At The CBDispensary we utilize Super Critical CO2 extraction methods in order to produce the highest quality CBD products. Our goal is to create cannabidiol extracts which are 100% pure and free of any foreign contaminants. All hemp plant material used in our extracts is grown 100% organically and pesticide free.
For our high-end vape products, we re-introduce real cannabis terpene profiles into our final product. We source our terpenes from the best cannabis growers in the markets in California. Terpene re-introduction increases the aroma and taste, while giving a similar experience to using hemp flowers and oils.
Our cannabis terpene extracts are 100% pure terpenes and contain absolutely NO THC.
A mature cannabis plant is known to contain hundreds of identifiable cannabinoids, terpenes, and flavonoids, each responsible for playing a role in interacting with our endocannabinoid systems. Through what is widely referred to as “The Entourage Effect,” these compounds interact with one another to give us the unique experiences we desire. When it comes to creating cannabis concentrates, cannabinoids, terpenes, and flavonoids are pulled from the vegetative material of the cannabis plant together though various extraction processes. In order to distill these compounds into their purest form, additional layers of refinement must be executed. This process is known as “fractional” or “short path distillation,” and it is known to produce single compound oils that can reach upwards of 99% purity.
Fractionation and short path distillation in and of themselves are nothing new. In fact, these methods have been used for many years, both in the early days of cannabis distillation research as well as in other commercial industries alike. For example, the fragrance and essential oil industries can be credited for piloting many of the same fundamental refinement principles that we see overlapping in today’s cannabis distillate manufacturing scene. Steam distillation as well as fractionation are two common techniques that have been adopted from the botanical oil extraction markets by cannabis processors to make various oil distillates. These techniques work specifically for cannabis in the same ways they would for other botanical refinement systems ranging from fragrances to cooking oils.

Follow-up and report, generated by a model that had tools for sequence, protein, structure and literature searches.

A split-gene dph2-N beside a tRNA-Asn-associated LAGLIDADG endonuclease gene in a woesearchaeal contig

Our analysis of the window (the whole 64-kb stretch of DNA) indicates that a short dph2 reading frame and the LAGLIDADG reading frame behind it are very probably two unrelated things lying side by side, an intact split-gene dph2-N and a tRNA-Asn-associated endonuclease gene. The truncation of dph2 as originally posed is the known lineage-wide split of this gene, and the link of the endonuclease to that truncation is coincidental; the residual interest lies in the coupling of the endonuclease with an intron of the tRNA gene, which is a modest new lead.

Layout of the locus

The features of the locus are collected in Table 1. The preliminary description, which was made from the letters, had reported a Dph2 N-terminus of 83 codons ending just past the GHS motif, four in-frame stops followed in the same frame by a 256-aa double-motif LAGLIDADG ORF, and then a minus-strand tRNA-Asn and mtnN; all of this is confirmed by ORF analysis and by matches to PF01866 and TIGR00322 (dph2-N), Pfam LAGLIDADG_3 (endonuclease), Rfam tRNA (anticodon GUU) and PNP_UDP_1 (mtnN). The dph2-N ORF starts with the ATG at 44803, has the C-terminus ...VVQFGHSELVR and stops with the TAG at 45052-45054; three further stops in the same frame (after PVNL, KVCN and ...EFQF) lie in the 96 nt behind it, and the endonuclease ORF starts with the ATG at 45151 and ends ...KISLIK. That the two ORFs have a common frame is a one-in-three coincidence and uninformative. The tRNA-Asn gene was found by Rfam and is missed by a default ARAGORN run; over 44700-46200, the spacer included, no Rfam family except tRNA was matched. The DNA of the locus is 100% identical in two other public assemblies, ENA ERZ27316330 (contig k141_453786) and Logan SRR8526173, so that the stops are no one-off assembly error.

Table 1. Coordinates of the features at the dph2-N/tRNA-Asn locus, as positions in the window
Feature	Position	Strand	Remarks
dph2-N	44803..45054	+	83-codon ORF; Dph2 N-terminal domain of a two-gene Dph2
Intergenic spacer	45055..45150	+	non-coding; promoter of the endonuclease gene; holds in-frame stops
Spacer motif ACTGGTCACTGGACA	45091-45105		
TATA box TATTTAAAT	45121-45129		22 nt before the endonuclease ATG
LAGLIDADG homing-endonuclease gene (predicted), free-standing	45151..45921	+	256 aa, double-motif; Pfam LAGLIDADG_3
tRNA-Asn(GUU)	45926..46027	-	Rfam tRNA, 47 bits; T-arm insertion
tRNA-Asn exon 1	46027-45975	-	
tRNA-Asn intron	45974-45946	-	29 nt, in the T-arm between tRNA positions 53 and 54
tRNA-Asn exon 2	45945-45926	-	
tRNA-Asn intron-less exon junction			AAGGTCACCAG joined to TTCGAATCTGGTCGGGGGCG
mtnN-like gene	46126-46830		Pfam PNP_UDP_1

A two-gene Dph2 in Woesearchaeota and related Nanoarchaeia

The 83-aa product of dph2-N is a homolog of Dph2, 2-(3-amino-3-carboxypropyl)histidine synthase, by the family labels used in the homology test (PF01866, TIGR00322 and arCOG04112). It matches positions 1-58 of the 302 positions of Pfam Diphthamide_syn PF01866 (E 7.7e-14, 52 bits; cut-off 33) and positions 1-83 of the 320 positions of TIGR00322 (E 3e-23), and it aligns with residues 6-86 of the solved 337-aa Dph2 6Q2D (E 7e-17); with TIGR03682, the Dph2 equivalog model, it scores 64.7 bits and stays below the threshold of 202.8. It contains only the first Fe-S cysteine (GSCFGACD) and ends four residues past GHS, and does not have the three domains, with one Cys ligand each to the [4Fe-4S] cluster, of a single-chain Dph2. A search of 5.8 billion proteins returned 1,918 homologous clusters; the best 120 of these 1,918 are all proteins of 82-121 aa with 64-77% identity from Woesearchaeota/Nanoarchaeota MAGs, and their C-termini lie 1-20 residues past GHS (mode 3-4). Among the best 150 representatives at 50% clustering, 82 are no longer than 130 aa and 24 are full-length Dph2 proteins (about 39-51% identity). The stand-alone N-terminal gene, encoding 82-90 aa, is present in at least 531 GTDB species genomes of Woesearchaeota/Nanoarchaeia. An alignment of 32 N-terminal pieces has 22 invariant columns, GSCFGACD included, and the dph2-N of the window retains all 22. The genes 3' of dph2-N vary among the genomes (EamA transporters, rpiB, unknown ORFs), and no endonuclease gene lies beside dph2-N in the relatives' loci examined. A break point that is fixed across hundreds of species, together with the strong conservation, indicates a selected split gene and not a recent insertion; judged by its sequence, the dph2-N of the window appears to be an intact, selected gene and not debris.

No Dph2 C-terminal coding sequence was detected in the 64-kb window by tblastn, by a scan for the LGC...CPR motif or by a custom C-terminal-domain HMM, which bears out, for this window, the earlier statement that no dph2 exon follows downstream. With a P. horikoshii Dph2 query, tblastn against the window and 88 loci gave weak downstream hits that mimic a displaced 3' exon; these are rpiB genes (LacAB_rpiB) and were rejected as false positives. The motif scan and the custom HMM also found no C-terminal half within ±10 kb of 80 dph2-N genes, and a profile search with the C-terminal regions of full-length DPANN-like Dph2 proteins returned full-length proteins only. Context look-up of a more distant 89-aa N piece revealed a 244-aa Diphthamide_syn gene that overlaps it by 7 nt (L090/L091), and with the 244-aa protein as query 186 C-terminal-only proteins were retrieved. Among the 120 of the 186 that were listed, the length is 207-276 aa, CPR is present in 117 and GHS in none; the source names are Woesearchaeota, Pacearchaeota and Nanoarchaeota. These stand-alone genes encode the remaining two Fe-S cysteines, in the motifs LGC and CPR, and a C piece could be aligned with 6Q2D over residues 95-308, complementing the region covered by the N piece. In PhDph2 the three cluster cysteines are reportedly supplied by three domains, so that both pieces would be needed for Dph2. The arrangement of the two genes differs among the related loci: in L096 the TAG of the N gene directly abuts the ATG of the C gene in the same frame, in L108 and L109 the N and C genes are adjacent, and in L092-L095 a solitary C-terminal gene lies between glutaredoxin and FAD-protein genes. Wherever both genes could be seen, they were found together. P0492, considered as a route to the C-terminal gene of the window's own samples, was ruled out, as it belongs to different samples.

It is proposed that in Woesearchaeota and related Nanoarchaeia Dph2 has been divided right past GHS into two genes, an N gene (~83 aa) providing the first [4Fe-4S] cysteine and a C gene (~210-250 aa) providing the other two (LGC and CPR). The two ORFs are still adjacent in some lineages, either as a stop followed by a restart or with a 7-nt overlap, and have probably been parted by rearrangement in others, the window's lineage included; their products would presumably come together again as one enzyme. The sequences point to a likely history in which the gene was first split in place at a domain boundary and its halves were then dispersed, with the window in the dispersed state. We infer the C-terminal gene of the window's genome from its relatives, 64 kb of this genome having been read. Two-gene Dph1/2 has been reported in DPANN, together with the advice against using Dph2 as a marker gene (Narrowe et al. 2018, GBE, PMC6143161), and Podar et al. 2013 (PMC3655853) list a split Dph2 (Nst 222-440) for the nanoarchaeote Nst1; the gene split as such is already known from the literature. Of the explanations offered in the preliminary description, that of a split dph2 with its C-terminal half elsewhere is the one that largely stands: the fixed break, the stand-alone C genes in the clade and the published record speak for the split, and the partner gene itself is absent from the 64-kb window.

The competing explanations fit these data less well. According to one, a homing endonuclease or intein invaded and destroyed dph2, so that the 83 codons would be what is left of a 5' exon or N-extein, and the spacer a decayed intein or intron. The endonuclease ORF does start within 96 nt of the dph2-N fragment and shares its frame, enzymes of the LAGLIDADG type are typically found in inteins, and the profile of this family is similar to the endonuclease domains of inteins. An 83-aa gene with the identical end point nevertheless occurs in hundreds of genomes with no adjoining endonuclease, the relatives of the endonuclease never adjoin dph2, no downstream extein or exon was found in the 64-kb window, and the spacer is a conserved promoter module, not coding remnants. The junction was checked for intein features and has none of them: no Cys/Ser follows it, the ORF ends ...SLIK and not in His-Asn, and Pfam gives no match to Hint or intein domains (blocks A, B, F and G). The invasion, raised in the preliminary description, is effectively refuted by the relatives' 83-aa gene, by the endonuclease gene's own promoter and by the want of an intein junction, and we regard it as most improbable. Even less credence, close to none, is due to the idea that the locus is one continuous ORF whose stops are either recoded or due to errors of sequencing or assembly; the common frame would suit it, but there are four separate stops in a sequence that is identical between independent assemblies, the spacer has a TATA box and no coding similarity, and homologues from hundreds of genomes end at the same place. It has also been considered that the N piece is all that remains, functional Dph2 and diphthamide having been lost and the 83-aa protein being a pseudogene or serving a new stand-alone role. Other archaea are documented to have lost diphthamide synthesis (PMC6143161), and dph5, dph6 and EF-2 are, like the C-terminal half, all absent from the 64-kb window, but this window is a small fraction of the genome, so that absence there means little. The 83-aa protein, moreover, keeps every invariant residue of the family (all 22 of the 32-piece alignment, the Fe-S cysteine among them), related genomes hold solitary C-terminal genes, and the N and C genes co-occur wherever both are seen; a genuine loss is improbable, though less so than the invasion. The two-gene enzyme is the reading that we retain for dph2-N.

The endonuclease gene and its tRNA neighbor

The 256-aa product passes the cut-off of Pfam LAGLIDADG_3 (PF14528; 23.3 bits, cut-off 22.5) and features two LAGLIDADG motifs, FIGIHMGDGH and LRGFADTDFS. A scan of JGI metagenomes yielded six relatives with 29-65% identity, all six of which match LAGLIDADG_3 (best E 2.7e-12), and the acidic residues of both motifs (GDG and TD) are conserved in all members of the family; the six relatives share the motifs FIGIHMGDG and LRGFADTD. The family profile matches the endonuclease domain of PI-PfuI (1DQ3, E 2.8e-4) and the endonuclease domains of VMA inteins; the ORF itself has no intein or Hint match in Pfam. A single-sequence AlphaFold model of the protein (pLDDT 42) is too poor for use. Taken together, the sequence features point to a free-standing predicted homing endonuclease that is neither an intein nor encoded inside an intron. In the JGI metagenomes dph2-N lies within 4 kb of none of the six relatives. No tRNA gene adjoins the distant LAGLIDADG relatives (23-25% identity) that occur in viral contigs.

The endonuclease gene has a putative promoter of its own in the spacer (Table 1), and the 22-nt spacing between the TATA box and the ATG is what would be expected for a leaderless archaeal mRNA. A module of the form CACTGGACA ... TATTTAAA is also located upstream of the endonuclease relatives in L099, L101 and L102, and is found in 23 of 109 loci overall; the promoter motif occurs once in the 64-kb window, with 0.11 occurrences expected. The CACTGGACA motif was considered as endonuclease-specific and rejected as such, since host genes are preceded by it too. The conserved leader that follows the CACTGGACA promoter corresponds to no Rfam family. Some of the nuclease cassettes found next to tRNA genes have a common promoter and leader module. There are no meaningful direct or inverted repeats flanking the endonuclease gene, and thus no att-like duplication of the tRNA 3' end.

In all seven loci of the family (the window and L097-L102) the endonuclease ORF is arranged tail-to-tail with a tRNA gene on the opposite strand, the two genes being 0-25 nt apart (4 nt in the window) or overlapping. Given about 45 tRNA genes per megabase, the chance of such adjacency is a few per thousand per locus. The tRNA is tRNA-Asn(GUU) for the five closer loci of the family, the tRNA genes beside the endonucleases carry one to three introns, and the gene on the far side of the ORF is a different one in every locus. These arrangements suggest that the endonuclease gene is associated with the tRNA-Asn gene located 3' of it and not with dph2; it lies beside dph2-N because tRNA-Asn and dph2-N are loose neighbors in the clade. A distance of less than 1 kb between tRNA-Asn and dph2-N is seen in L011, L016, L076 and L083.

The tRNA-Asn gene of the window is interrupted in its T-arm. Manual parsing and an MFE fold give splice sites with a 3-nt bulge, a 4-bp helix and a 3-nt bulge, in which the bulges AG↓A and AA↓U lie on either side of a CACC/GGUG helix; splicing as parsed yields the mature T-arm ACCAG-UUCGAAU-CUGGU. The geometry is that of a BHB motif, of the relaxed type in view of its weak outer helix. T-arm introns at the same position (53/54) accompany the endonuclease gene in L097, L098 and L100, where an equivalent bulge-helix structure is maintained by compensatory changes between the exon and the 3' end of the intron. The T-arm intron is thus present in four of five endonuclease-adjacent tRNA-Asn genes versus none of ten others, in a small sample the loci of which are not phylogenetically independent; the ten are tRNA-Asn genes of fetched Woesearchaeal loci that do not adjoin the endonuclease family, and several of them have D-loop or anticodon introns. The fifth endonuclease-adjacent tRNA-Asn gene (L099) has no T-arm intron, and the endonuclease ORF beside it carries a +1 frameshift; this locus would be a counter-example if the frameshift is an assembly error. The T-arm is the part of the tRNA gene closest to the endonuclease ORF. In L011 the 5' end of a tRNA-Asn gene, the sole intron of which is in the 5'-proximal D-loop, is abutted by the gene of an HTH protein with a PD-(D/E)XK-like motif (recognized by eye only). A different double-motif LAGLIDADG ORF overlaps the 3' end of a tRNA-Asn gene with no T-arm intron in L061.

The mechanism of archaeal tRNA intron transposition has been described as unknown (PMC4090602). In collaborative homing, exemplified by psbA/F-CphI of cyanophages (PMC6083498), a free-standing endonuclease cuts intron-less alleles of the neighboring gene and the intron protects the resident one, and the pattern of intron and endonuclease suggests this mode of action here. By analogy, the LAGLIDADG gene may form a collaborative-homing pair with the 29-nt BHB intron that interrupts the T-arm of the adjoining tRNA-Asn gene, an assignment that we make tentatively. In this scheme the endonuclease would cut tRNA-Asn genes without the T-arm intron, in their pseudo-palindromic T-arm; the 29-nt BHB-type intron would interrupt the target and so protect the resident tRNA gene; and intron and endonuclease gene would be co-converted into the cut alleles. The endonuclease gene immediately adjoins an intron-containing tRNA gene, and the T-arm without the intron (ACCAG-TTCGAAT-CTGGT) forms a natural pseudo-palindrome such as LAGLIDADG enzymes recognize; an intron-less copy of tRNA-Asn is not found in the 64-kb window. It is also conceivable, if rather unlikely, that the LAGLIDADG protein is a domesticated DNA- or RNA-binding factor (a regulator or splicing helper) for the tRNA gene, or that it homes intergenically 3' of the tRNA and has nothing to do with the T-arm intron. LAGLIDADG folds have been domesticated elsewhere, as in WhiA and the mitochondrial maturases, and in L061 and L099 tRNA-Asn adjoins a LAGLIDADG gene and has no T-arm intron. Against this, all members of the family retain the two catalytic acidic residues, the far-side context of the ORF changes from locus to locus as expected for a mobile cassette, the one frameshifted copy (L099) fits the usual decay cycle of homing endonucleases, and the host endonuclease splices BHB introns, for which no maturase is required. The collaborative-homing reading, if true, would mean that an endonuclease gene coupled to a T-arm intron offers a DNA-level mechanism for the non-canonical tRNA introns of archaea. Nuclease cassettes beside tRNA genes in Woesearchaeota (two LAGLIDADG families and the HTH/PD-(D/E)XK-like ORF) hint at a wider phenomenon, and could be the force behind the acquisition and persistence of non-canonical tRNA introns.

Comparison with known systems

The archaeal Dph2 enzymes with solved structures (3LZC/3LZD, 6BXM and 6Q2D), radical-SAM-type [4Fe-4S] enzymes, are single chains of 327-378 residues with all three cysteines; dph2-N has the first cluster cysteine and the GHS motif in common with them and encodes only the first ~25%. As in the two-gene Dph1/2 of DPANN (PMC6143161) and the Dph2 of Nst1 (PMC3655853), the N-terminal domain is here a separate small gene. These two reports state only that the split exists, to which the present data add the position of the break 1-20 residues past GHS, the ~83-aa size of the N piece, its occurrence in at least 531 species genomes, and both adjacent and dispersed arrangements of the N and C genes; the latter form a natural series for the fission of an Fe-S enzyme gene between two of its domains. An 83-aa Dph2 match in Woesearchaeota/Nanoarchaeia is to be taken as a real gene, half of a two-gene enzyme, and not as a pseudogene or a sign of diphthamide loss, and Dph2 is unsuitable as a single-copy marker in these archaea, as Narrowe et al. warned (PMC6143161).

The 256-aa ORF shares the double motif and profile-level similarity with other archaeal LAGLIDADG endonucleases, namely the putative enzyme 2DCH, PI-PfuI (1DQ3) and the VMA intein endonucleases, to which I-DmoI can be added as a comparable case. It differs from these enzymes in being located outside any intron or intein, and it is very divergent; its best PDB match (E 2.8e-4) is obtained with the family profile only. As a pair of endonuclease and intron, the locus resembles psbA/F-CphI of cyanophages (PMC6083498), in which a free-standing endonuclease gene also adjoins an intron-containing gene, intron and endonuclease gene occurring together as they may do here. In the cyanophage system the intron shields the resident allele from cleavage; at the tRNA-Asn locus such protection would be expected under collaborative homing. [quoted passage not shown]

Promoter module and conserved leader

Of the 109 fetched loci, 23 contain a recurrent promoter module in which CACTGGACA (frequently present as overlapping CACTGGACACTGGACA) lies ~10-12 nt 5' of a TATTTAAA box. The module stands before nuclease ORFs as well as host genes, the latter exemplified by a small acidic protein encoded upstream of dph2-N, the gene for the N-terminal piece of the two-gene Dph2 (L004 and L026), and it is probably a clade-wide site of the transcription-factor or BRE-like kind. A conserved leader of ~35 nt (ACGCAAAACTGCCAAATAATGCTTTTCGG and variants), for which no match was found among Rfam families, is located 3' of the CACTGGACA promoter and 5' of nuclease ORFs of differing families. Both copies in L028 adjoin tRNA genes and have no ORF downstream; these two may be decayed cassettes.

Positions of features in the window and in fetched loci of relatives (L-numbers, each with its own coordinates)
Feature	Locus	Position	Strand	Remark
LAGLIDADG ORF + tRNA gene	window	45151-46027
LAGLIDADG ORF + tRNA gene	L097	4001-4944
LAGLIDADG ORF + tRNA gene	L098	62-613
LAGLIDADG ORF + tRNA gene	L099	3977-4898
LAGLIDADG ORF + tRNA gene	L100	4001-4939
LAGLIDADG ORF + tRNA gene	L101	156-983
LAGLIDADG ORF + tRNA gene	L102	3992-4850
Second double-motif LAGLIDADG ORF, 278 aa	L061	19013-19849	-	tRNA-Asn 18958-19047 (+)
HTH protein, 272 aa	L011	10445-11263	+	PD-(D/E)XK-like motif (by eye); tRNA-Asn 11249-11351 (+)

In order to isolate compounds such as CBD and THC into a pure and viscous oil, there are multiple layers of refinement that must first occur. Given that THC as well as other cannabinoids and terpenes are volatile and have varying boiling points, they must first be separated from the cannabis plant via CO2 solvent-based extraction. This process removes the valuable and volatile compounds from the plant itself, while many fats, lipids, and other compounds remain. This necessitates further refinement through a process called winterization, whereby a solvent is used in order to remove these undesirable compounds.
Apart from winterization, isolated cannabinoids must also undergo decarboxylation, by which the compounds are heated enough to activate their potential. Finally, the material is run through a short path steam distillation or rational distillation chamber in a series of multiple passes to purify the desirable compound (typically THC or CBD) to its isolated state.
Molecules such as THC and CBD have higher varying boiling points. Short path distillation uses vacuum pressure, steam, and heat to manipulate boiling points so that compounds are subjected to much cooler temperatures when they pass through. Depending on the distillation process, these volatile compounds can either be fractioned individually or simultaneously for collection. Through this process, volatile compounds are separated by their molecular weight and individual boiling point, leaving less volatile and undesirable compounds behind. A distillate may be passed through this process multiple times to create an even more pure substance. What remains in a THC/CBD distillation is a clear and translucent viscous sap that resembles ultra-refined honey in consistency and hue.